Woman chased by men and youth armed with clubs, Medova Street in Lviv, July 1941.

Woman chased by men and youth armed with clubs, Medova Street in Lviv, July 1941.

Chased by youth armed with clubs, this woman is fleeing from a “death dealer” whose left leg can be seen at the left-hand edge of the photograph. The Lviv pogroms were the consecutive massacres of Jews living in the city of Lwów (now Lviv, Ukraine), perpetrated by Ukrainian nationalists from 30 June to 2 July 1941, and from 25 to 29 July 1941, during the Wehrmacht’s attack on Soviet-occupied eastern Poland in World War II.

Immediately after the German army entered Lviv, the prison gates were opened and the scale of the NKVD prisoner massacres carried out by the Soviets revealed. The report drafted by Judge Möller singled out the Jews as responsible for the Soviet atrocities in accordance with the Nazi theory of Judeo-Bolshevism, even though Polish Jews had nothing to do with the NKVD killings. As observed by British-Polish historian Prof. Norman Davies: “in the [Lviv] personnel of the Soviet security police at the time, the high percentage of Jews was striking”. The Einsatzgruppe C with the participation of Ukrainian National Militia organized the first pogrom, chiefly in revenge for the combined killings at Lviv’s three prisons including Brygidki, Łąckiego and Zamarstynowska Street prisons.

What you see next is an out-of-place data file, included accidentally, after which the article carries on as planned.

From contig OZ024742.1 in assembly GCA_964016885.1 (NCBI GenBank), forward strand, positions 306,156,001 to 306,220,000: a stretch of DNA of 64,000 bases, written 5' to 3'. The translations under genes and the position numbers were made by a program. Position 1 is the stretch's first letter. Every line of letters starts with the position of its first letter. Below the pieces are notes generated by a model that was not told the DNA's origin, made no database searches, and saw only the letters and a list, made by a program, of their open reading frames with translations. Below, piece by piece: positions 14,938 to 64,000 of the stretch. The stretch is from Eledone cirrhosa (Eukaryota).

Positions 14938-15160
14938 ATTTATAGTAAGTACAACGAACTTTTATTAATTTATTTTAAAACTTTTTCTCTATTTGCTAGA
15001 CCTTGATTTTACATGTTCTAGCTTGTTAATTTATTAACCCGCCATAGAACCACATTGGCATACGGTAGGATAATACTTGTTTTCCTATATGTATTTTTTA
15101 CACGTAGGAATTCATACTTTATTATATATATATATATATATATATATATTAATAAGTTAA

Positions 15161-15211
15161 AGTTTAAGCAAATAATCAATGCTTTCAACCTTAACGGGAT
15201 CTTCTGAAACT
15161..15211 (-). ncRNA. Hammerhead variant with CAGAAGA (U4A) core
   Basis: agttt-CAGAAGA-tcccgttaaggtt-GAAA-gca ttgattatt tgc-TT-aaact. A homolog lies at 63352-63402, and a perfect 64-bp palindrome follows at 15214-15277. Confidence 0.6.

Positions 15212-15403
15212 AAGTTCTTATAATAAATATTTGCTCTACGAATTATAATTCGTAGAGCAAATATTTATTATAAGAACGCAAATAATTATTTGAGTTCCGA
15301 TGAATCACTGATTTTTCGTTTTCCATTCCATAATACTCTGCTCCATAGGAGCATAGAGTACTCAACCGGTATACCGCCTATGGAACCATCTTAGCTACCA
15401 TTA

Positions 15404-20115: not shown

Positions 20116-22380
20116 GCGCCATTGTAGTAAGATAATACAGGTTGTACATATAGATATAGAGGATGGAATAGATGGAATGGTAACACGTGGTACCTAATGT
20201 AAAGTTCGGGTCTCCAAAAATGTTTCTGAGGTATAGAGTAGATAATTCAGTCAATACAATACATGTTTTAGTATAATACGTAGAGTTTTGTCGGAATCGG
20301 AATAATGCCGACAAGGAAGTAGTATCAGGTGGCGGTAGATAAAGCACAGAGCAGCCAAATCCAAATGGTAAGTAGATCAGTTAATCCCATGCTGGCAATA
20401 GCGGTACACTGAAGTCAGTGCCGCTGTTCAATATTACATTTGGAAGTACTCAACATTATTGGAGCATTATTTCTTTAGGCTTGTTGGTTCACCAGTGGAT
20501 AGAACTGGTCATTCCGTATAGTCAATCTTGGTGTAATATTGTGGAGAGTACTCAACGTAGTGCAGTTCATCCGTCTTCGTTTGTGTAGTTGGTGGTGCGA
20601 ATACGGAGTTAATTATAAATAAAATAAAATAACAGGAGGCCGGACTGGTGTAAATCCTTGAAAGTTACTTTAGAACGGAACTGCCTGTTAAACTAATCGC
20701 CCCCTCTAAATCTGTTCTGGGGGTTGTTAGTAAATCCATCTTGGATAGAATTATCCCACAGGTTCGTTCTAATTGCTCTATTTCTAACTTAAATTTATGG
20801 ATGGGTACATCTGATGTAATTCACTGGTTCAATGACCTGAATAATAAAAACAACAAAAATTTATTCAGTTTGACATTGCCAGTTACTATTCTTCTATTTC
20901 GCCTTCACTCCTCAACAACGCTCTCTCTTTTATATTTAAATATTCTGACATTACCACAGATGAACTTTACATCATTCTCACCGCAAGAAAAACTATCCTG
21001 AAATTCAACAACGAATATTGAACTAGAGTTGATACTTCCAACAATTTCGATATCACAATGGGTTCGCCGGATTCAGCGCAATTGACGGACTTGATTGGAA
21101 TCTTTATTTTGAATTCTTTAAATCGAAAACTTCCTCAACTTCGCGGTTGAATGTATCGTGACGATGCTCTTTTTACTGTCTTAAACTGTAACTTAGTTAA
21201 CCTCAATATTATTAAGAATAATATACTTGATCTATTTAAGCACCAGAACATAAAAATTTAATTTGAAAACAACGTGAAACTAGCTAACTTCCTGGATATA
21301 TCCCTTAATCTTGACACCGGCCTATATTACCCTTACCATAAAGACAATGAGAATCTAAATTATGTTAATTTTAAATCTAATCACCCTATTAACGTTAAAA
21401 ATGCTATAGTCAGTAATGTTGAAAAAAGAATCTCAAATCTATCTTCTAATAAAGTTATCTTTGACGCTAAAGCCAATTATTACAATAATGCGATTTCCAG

In the morning of 25 July 1941 the Ukrainian auxiliary police began arresting Jews in their homes, while the civilians participated in acts of violence against them in the streets.

In the morning of 25 July 1941 the Ukrainian auxiliary police began arresting Jews in their homes, while the civilians participated in acts of violence against them in the streets.

A second pogrom took place in the last days of July 1941 and was labeled “Petlura Days” (Aktion Petliura) after the assassinated Ukrainian leader Symon Petliura. The killings were organized with German encouragement, but the pogrom also had ominous undertones of religious bigotry and with Ukrainian militants from outside the city joining the fray with farm tools. In the morning of 25 July 1941 the Ukrainian auxiliary police began arresting Jews in their homes, while the civilians participated in acts of violence against them in the streets. Captured Jews were dragged to the Jewish cemetery and to the Łąckiego Street prison, where they were fatally shot out of the public eye. Some 2,000 people were murdered in approximately three days.

According to historian of the Holocaust Richard Breitman 5,000 Jews died as a result of these pogroms. Additional 2,500 to 3,000 Jews were shot (between these two closely connected pogroms) by death squads of Einsatzgruppe.